We’ll look at each area in detail, but the pattern is this: people use personal traits they can’t change as excuses for not trying. To overcome this, invert your attitude: don’t waste time regretting what you don’t have; instead, make the most of what you do have.

A disadvantage with the right attitude will beat an advantage with the wrong attitude.

Health Excusitis

What it is: You surrender to your health woes and use an illness or condition as an excuse to stop reaching for your goals. “I’ve now got this disease - my life will never be the same.” “I don’t have the energy/health to do what I really want to do.”

Why this thinking is flawed: There’s no such thing as a perfect human specimen. We all have, or will have, a physical limitation. It’s our attitude about our health that matters. We can dwell on our ailments, falling victim to “health excusitis,” or we can keep a positive attitude and keep moving toward our goals.

You can imagine someone with heart disease who puts his life on pause and becomes depressed. Contrast this with another person who recently had a pacemaker installed who is bursting with energy and vitality, ready to pursue his dreams, grateful to get a second shot at life. The first person surrendered to health excusitis, while the second person remained optimistic...

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Shortform Exercise: Cure Your Excusitis

Stop using excuses to limit yourself. Use this exercise to vaccinate yourself against excusitis.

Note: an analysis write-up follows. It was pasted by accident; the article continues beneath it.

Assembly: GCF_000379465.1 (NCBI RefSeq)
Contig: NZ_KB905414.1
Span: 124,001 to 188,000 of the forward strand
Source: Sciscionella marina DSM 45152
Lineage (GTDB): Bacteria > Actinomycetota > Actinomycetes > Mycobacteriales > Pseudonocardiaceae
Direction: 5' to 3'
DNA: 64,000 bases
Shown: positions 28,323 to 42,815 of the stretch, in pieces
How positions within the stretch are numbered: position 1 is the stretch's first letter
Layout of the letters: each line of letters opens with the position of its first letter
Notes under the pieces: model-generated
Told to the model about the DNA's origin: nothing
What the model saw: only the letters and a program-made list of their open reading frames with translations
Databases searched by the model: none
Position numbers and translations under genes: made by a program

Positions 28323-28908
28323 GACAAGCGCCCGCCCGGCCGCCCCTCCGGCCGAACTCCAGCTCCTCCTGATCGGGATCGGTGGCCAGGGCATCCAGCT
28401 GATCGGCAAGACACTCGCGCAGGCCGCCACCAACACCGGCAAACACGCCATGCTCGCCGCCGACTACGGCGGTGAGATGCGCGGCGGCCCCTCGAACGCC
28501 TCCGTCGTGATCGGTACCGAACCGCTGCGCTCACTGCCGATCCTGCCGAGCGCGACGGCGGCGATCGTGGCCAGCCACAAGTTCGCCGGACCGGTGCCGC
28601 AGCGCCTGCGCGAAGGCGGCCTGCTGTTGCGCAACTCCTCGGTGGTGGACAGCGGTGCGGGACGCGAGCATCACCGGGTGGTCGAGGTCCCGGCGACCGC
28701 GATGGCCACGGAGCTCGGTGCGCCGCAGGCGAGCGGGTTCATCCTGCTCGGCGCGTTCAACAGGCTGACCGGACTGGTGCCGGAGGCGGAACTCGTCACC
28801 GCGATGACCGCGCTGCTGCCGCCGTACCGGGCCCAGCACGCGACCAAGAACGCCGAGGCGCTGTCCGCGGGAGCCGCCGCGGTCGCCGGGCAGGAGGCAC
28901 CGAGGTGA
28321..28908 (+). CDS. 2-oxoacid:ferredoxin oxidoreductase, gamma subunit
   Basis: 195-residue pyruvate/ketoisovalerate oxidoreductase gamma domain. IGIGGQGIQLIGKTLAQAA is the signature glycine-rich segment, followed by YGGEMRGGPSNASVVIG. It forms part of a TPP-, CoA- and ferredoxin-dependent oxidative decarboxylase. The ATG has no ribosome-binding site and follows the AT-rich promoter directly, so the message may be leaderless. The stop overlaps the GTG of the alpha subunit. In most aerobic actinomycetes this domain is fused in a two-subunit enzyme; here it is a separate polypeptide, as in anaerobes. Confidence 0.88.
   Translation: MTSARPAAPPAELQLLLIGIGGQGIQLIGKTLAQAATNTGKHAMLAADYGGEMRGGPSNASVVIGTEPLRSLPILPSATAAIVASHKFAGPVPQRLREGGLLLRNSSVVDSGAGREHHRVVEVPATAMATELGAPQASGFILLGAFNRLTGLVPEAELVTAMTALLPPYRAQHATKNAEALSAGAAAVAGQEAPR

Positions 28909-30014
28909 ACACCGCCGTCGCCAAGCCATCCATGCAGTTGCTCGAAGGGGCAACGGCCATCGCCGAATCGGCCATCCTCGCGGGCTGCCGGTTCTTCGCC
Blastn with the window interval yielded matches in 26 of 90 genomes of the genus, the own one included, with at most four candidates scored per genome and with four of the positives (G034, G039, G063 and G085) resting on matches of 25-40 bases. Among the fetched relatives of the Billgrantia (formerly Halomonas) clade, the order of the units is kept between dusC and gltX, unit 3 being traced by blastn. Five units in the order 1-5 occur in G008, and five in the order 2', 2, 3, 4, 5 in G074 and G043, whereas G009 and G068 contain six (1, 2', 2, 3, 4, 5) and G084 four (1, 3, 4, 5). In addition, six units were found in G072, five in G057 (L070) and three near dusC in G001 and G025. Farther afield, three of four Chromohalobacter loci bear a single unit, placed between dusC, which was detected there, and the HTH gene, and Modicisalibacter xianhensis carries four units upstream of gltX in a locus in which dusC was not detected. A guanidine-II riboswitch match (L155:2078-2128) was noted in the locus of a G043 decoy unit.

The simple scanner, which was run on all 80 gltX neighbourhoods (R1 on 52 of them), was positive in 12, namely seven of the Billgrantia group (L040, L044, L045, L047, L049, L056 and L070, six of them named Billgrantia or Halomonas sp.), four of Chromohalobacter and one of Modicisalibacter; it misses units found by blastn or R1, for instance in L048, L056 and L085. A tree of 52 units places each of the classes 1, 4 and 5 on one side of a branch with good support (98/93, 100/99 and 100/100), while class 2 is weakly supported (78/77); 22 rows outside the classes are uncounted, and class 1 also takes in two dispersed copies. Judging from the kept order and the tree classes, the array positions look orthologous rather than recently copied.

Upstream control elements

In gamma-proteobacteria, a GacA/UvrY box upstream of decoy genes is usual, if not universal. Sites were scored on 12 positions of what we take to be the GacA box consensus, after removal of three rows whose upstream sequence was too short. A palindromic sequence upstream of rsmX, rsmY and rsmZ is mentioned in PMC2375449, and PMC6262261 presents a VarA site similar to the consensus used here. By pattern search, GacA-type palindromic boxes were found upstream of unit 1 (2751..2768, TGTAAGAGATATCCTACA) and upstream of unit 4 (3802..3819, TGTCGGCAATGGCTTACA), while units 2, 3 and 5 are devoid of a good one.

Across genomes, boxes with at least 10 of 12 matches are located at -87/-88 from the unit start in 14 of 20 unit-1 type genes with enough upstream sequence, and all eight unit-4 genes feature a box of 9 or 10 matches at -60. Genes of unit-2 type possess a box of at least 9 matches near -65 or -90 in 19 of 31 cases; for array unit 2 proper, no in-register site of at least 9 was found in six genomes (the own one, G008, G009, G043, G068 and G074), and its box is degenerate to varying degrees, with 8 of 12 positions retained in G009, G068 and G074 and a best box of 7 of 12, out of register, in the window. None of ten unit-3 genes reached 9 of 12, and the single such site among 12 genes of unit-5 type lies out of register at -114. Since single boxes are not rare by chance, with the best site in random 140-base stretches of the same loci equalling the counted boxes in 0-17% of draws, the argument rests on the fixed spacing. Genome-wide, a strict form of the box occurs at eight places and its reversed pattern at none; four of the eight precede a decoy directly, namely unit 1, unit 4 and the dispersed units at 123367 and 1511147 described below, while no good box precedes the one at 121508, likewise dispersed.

What excuse do you use often to justify your own lack of success? Describe what goal you want, and what excuse you use to explain why you haven’t succeeded.

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The Magic of Thinking Big Summary Chapter 3: Build the Confidence Habit and Kill Fear

Fear in all its forms — worry, tension, embarrassment, anxiety and panic — is crippling, paralyzing you from taking action and blocking your success. Fear is real, and no amount of advice such as, “Don’t worry,” or “There’s nothing to be afraid of” will cure us of fear.

Why is fear so self-defeating? Think of an infection in your body. If left untreated, it spreads unabated, causing more physical harm and pain and damaging more and more areas of your body. Fear is an infection of the mind, and when it spreads it stops you from taking chances and jumping on opportunities. It blocks your chances at success. Fear stops you from speaking up when you have something to say, and its incarnations such as anxiety and stress can actually make you physically sick.